into Manhattan, to Harlem,
to pick up some-- I think it was heroin.
And we'd go to literally
125th and Saint Nicholas.
Go up into this apartment house.
He liked very much taking me
to a place that was not safe.
And he was just setting up a scenario
that then he would have material
to write about.
He was always writing.
He was always writing either a story
or lyrics or a song.
But he always was very clear
that there's no difference
between being a writer of a book
and a writer of lyrics.
Seventeen Voznesenskys
are groaning yet voiceless.
My cries have been torn
onto miles of magnetic tape
and endless red tongue.
When I was in college,
I was very influenced by Ginsberg.
"Howl," "Kaddish."
Burroughs's Naked Lunch.
Hubert Selby Jr., Last Exit to Brooklyn.
I thought, "That's what I wanna do,
except with a drum and guitar."
So, "I don't know just where I'm going
I'm gonna try for the kingdom if I can
Because it makes me feel like I'm a man
When I put a spike into my vein
All, you know, things
Aren't quite the same
When I'm rushing on my run
And I feel like Jesus's son
And I guess I just don't know
I guess I just don't know."
Probably there's never been a problem
in human behavior or misbehavior
that's been with us quite so long
or has been so little understood
as homosexuality.
In your estimation,
what's the most serious sex crime?
The crime against nature.
What are the penalties
for a crime against nature?
The maximum sentence
is 20 years in the state penitentiary.
You know,
we got arrested for being in bars.
But so what? It was part of it.
There was a bar called the San Remo
that everyone seemed sort of gay,
extremely smart and/or creative.
And they turned out to be Edward Albee
and Andy Warhol and Jasper Johns
and at the center of it
is the exploding art world.
Money, parties, power.
Cinema is exploding.
The New York Film Festival,
Lincoln Center,
all that is happening in the mid-'60s.
And it was an outrageous over-camp.
I mean, camp was something
that you really played with
like Jack Smith did.
Lo, it was a super--
a super overstimulated night
on the eve of the world's destruction.
And at 56 Ludlow Street,
I, Jack Smith, met Angus and Tony.
Tony Conrad, he took the apartment
at 56 Ludlow Street
which became so important.
I didn't want to be a part
of the economy,
so I lived in an apartment
that cost $25.44 a month.
When you crossed over,
it created a very strange change
between Lower East Side documentary,
avant-garde lifestyle
and then the formal art scene
of the-- what became Soho.
Jack, I guess, moved in with him.
The neighbors next door
were Piero Heliczer and his wife Kate.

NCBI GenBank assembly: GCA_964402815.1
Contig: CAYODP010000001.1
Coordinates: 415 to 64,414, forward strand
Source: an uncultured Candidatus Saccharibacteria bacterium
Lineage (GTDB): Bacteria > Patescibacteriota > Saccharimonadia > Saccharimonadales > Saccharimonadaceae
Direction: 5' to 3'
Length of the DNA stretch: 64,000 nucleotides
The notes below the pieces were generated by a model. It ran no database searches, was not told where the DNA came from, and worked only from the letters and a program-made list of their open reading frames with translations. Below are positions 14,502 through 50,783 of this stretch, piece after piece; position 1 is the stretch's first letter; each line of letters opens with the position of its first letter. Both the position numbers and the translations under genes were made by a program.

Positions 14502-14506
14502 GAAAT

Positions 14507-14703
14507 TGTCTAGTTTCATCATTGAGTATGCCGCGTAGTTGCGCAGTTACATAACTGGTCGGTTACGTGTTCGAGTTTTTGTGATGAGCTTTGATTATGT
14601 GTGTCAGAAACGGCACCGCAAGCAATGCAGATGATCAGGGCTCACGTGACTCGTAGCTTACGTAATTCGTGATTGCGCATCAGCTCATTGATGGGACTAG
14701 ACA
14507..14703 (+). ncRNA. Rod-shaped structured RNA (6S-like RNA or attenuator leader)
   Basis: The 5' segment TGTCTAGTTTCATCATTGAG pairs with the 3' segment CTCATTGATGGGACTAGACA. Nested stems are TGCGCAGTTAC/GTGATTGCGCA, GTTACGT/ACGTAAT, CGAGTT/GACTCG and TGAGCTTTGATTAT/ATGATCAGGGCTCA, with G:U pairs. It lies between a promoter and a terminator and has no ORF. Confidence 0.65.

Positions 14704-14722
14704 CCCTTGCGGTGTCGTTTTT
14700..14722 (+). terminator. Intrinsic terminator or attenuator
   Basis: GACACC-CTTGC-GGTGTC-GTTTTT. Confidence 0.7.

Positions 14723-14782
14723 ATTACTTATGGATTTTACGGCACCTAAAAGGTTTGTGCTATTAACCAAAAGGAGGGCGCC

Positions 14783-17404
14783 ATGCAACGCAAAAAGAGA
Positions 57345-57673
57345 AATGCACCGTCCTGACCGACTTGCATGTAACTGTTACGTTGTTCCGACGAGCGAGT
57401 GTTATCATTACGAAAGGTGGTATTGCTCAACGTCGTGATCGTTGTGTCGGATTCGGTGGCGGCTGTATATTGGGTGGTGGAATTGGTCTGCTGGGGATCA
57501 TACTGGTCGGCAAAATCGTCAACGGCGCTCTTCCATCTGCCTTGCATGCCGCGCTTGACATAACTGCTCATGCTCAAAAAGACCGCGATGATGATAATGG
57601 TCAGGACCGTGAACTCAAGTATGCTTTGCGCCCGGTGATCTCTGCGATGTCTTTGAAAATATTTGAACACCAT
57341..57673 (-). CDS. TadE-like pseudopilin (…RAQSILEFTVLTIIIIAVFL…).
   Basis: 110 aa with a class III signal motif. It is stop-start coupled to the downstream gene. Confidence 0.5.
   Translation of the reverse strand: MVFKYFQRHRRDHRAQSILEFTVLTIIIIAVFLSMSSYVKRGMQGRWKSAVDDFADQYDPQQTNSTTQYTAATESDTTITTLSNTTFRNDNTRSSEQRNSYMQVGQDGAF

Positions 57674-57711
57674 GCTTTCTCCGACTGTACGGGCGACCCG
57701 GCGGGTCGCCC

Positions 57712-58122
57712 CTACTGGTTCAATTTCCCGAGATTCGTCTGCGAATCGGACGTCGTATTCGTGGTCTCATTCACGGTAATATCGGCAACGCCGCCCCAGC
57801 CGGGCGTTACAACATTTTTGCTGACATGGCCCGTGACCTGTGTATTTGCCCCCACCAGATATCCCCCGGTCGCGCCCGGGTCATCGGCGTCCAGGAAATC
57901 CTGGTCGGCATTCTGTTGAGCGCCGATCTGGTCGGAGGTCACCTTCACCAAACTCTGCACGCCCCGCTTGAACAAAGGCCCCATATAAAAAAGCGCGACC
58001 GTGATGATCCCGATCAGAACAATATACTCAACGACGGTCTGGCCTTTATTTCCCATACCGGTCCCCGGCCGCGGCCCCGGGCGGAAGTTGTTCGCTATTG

Then Angus MacLise came back to New York,
and he ended up in a third apartment
on the same floor at 56 Ludlow.
And then also Mario Montez
lived in the building. John
John Cale moved in with Tony.
But that Ludlow Street core
became the Dream Syndicate
with La Monte Young.
La Monte, Marian and Tony and I,
for a year and a half, we did this
for an hour and a half every day.
I've held a drone.
And it was a discipline,
and it opened your eyes
to a lot of possibilities.
Each frequency is perceived
at a different point
on the cerebral cortex.
So when you set up a group of frequencies
that are repeated over and over,
it establishes a psychological state
that can be very strong and profound.
You can hear details
in the harmonic series
that are extraordinarily beautiful
and unusual.
And you begin to realize
that there are new places in sound
that you could find a home.
We never had to worry about,
"Give me an A. Let's"-- No.
We found the most stable
thing that we could tune to
was the 60-cycle hum of the refrigerator.
Because 60-cycle hum was to us
the drone of Western civilization.
So the fundamental, that is,
the key that we're in,
if we're using the third harmonic
as 60 cycles, is ten cycles.
And, lo and behold, ten cycles is--
is the alpha rhythm of the brain
when you're asleep.
All of a sudden,
"Hey, there's a story here."
The interesting thing about
the Dream Syndicate
was, of course, it was minimalist music.
Full scale, hold one note,
and listen to all the intonations in it.
La Monte Young would
stretch one note into four hours.
I went with Andy
to one of his performances.
Before I had gone to the Factory,
I had seen Warhol's Kiss.
There were no titles.
I had no idea who had made it.
And it was a weekly serial,
so that every week,
a two-and-three-quarter-minute roll
shown at proper speed,
which was 16 frames a second.
The thing that's always interesting
about the Warhol silents
is the reason they're unreal
is they're supposed to be shown
at 16 frames a second,
which means that the people
in those images are breathing
and their hearts are beating
in a different time frame
than yours is while you watch it.
And that creates an incredible sense
of aesthetic distance.
There is a post office
in the Empire State Building.
And we were walking with bags of
Film Culture magazine to the post office,
and we suddenly stopped
and looked at the building.
I think I said, "This is a perfect iconic
image for Andy Warhol."
And that's how it happened.
Warhol, avant-garde film
and avant-garde music,
it was all about extended time.
La Monte's idea of what music was
was really--
I'd say it was a Chinese idea.